Kia acknowledged it used Randy Walter's photo without his knowledge and permission. The company is willing to settle, but it disagrees that Mr. Walter is owed a high six-figure payment, which observers expect Mr. Walter to ask for in court.
Kia's attorney, Lindsay Johnson, said Mr. Walter "probably should have been paid," but added that Mr. Walter's career wasn't damaged. He claims he missed out on a promotion
"We think that Kia has acted appropriately ever since it found out about the problem," Mr. Johnson said.
Mr. Walter was a tourist in San Francisco when a film crew from South Korean ad agency MBC Adcom happened to take a picture of him. wearing a golf shirt with the logo of his company, Genencor International.
MBC Adcom then altered the photo using computers to make it appear Mr. Walter was eyeing a Kia Sephia. The ad ran in various Korean publications, including Korean Airlines' magazine, in 1995-96. A Genencor executive happened to see the ad and inquired what someone in a company shirt was doing in a Kia ad.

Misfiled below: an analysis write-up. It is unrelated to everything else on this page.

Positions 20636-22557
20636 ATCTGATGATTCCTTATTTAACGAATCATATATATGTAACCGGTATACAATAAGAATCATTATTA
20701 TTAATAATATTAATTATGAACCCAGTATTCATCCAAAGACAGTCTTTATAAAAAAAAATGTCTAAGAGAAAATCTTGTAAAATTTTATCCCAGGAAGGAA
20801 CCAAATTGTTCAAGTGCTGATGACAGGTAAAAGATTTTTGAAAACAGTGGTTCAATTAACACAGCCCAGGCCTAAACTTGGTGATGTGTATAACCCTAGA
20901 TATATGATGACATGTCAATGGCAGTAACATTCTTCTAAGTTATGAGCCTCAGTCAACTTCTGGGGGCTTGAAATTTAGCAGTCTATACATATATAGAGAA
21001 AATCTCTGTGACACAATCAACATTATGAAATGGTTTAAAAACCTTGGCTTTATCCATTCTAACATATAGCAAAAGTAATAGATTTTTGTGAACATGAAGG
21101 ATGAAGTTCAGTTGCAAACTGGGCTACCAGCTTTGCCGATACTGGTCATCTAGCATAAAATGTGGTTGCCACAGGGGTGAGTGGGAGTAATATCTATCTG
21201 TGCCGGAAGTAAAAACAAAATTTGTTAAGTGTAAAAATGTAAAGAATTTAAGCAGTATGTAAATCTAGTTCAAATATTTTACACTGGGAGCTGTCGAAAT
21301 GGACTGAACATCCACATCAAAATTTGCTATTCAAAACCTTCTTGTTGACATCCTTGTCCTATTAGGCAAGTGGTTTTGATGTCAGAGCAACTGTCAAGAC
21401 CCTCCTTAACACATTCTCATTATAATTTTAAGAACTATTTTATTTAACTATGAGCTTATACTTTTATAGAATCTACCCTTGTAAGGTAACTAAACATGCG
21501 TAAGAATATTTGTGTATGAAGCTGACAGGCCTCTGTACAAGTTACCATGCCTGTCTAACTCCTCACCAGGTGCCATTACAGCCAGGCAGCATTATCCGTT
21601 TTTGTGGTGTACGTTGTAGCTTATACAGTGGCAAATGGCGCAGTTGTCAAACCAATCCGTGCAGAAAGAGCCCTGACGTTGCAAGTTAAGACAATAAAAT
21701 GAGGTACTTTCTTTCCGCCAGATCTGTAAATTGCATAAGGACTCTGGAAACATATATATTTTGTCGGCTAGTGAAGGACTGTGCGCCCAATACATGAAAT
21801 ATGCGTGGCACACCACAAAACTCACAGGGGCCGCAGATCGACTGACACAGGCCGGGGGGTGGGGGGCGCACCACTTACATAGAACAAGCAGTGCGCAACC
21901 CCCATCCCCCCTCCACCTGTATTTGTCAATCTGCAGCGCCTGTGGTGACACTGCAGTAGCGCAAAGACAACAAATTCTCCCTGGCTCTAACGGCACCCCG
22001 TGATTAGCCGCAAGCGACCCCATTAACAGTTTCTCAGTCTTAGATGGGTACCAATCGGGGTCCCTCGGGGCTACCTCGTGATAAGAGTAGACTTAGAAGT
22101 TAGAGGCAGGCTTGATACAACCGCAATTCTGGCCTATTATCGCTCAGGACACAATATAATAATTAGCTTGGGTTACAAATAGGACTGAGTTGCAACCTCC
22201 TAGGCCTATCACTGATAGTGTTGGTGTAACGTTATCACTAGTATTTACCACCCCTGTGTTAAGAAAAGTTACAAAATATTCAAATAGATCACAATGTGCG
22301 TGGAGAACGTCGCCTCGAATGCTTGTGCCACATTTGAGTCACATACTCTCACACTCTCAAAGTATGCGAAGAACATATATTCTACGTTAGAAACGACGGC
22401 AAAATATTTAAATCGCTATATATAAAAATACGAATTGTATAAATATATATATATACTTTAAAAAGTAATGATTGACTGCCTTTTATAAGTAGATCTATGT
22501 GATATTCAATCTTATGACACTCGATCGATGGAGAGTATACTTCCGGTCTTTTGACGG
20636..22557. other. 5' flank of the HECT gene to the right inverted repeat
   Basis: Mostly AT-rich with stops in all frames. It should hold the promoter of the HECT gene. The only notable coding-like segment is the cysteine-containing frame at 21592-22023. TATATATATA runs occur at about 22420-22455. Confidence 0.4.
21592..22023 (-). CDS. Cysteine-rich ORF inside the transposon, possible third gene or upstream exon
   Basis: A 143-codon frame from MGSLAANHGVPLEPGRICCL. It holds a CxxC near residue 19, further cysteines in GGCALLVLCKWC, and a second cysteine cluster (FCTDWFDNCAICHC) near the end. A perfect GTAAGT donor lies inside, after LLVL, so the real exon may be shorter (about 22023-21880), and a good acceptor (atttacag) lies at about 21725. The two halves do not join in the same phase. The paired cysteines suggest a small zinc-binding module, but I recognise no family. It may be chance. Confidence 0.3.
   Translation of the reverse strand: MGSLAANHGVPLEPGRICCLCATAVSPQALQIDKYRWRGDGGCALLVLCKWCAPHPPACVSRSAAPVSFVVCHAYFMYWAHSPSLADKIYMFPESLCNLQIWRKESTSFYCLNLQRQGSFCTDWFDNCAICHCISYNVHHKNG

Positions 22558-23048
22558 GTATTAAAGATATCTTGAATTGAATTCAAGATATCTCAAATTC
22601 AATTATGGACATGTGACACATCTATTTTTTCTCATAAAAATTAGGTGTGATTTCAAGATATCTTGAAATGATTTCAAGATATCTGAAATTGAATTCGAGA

Mr. Walter sued the agency, Kia Motors Corp. and its U.S. arm, Kia Motors America, in Los Angeles County Superior Court.
Mr. Walter won a default judgment-for an amount still to be determined-against MBC Adcom, which didn't show up in court.
Tom Turner, Mr. Walter's attorney, said he'll seek from Kia damages and "whatever it is going to take to make a $5 billion company change its policy"